It is an established principle in law that if a fiduciary, a person who holds a position of trust, breaches that trust, for example by making a secret profit, then he has not only to account for any gains he has received as a result of that breach but also forfeit the remuneration he was entitled to for the services rendered. This rule usually applies to agents who are acting on behalf of principals.
However, in the recent case of Jeremy Hosking v Marathon Asset Management LLP the High Court found that a profit share payable to a member of a limited liability partnership (an ‘LLP’) was capable of being subject to forfeiture where the member was found to have breached his fiduciary duty to the LLP.
Mr Hosking was one of three founding members of Marathon which was an investment management business. As such Mr Hosking was entitled to a share in the profits of the business. Mr Hosking retired from Marathon in December 2012. However, following his retirement Marathon discovered that Mr Hosking had breached his contractual and fiduciary duties by having discussions with four of Marathon’s employees in July 2012 about the possibility of setting up a competing business. Marathon therefore commenced arbitration proceedings against Mr Hosking.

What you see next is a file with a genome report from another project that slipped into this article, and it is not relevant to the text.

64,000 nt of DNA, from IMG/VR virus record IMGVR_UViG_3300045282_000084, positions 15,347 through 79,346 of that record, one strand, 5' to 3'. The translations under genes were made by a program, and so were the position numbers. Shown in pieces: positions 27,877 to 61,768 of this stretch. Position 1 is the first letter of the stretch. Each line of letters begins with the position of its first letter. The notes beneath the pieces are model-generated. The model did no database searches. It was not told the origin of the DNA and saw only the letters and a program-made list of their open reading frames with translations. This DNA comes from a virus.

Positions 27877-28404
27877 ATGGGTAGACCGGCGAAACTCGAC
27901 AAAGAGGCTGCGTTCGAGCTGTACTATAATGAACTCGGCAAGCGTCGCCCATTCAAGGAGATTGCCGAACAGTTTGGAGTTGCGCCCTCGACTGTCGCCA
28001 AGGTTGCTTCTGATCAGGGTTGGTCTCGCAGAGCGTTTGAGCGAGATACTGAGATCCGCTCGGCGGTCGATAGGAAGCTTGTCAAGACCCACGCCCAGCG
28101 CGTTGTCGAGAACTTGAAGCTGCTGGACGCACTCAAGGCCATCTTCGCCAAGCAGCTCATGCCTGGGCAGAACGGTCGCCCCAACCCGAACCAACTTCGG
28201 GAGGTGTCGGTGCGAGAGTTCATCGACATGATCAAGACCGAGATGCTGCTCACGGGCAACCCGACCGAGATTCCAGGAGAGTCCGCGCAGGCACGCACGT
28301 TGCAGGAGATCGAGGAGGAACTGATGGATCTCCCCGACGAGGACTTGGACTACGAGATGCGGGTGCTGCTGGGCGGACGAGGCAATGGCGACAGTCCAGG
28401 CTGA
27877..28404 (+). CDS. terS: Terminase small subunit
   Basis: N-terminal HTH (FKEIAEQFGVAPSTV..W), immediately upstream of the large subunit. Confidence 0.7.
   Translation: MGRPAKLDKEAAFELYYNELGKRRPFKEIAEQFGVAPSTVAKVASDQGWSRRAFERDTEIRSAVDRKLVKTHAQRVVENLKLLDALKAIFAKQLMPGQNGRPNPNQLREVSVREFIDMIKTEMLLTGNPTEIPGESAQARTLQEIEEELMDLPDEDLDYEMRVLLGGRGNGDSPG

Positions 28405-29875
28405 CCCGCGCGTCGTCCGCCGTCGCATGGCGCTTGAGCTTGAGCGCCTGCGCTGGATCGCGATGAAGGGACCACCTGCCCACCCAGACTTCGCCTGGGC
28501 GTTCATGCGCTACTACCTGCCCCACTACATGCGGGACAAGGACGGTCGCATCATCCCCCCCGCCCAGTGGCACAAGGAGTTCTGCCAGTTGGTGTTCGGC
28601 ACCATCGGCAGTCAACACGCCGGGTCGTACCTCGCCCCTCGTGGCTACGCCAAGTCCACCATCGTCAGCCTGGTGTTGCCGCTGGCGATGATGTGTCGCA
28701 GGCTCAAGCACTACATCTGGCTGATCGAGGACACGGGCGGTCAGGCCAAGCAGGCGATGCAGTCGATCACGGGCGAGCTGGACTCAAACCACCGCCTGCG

The Arbitrator awarded Marathon compensation of £1.38m for the losses suffered as a result of Mr Hosking’s breaches and held that Mr Hosking should forfeit 50% of the profit share payments that he had received in respect of the period from July to December 2012 (i.e. the period when he was in breach of his fiduciary duties) which amounted to a figure of £10,389,957.50.
Mr Hosking appealed on the grounds that the share of profits in a partnership was not subject to the rule of forfeiture for breach of fiduciary duty. His primary argument was that the rule related to remuneration for services rather than to a share of profits.
The High Court disagreed. In what has been hailed by some as a landmark decision, the Court found that a profit share payable to a partner or LLP member (as in this case) could potentially be subject to forfeiture and whilst the principle had mainly been applied to agency cases its rationale extended more widely and could be applicable to other fiduciaries as well. The Judge found that the absence of a provision for forfeiture in the relevant contractual documentation did not mean that the principle of forfeiture could not apply.
This decision is of particular importance to partners and members of limited liability partnerships particularly where there are partnership disputes. If you are involved in any commercial dispute then the Commercial Dispute Resolution Department at Blacks Solicitors can assist. Please contact Luke Patel on 0113 227 9316 or by email at “LPatel@LawBlacks.com”.